It is easier to envisage the addition of features to the simple acoel body plan to achieve the various body plans of other bilaterians in the animal kingdom, than to consider a complex organism evolving into other complex forms via intermediate stages.
The potentially pivotal phylogenetic position of acoel worms amongst the animal kingdom has recently elevated the status of Symsagittifera roscoffensis to ‘model organism’.
Evolutionary developmental studies on this and other acoel species, such as Convolutriloba longifissura and Isodiametra pulchra, are now providing a wealth of comparative biological data for what was once a largely neglected group of animals.
Intriguingly, another simple flat worm, Xenoturbella, has been shown to share various molecular characteristics with acoels, and yet Xenoturbella is now widely considered a member of the Deuterostomia, and most closely related to the echinoderms and hemichordates. Like acoels, xenoturbellids were once thought to share their common simplicity with true flatworms.
Genes of the Hox cluster play an important role in determining body plan patterning. Studies characterising Hox genes - genes that encode transcription factors which specify an animal’s anterior-posterior axis and segment identity during embryogenesis - show that acoels have only 3 Hox genes, 1 from each of the anterior, central and posterior groups. Again, this supports acoels as early divergent bilaterians.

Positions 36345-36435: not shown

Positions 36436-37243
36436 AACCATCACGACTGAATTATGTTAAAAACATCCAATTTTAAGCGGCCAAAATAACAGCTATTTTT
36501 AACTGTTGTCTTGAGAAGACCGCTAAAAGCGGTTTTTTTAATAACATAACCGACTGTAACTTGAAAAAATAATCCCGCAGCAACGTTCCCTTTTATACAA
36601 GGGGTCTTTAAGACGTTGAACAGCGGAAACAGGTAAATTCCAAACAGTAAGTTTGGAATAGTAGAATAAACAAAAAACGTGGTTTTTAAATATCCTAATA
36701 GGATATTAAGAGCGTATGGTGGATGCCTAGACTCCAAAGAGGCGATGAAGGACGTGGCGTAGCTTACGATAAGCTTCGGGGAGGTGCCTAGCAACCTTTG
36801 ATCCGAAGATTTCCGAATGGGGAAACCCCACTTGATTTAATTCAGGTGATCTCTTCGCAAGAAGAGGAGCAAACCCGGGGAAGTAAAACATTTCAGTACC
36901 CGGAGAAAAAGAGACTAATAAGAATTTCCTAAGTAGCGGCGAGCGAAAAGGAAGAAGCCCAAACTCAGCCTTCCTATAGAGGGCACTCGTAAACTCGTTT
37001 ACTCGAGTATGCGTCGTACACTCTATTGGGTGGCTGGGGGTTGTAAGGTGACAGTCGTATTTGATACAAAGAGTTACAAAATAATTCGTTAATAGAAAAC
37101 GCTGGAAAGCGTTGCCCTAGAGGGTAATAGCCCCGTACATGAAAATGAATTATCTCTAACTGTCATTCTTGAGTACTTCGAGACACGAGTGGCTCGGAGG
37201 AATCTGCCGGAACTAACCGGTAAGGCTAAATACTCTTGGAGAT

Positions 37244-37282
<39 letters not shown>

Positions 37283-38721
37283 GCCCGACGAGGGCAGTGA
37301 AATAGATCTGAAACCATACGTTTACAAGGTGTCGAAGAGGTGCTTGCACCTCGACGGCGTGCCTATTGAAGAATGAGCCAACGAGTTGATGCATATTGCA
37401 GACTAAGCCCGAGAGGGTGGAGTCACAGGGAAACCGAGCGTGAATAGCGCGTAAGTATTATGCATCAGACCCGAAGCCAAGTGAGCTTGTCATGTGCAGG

The question remains whether acoels still retain the features of primitive bilaterians after so many millions of years. Within the acoels, the phylogenetic position of the Sagittiferidae appears to be highly derived, so many more acoels and particularly the early divergent forms need attention before we can estimate the body plan of the ancestral acoel, which in turn is needed to inform the nature of the earliest bilaterians.
It is clear that the shear abundance of Symsagittifera roscoffensis means this species will continue to play an important role in studies of animal evolutionary biology, as an exemplar of the Acoela.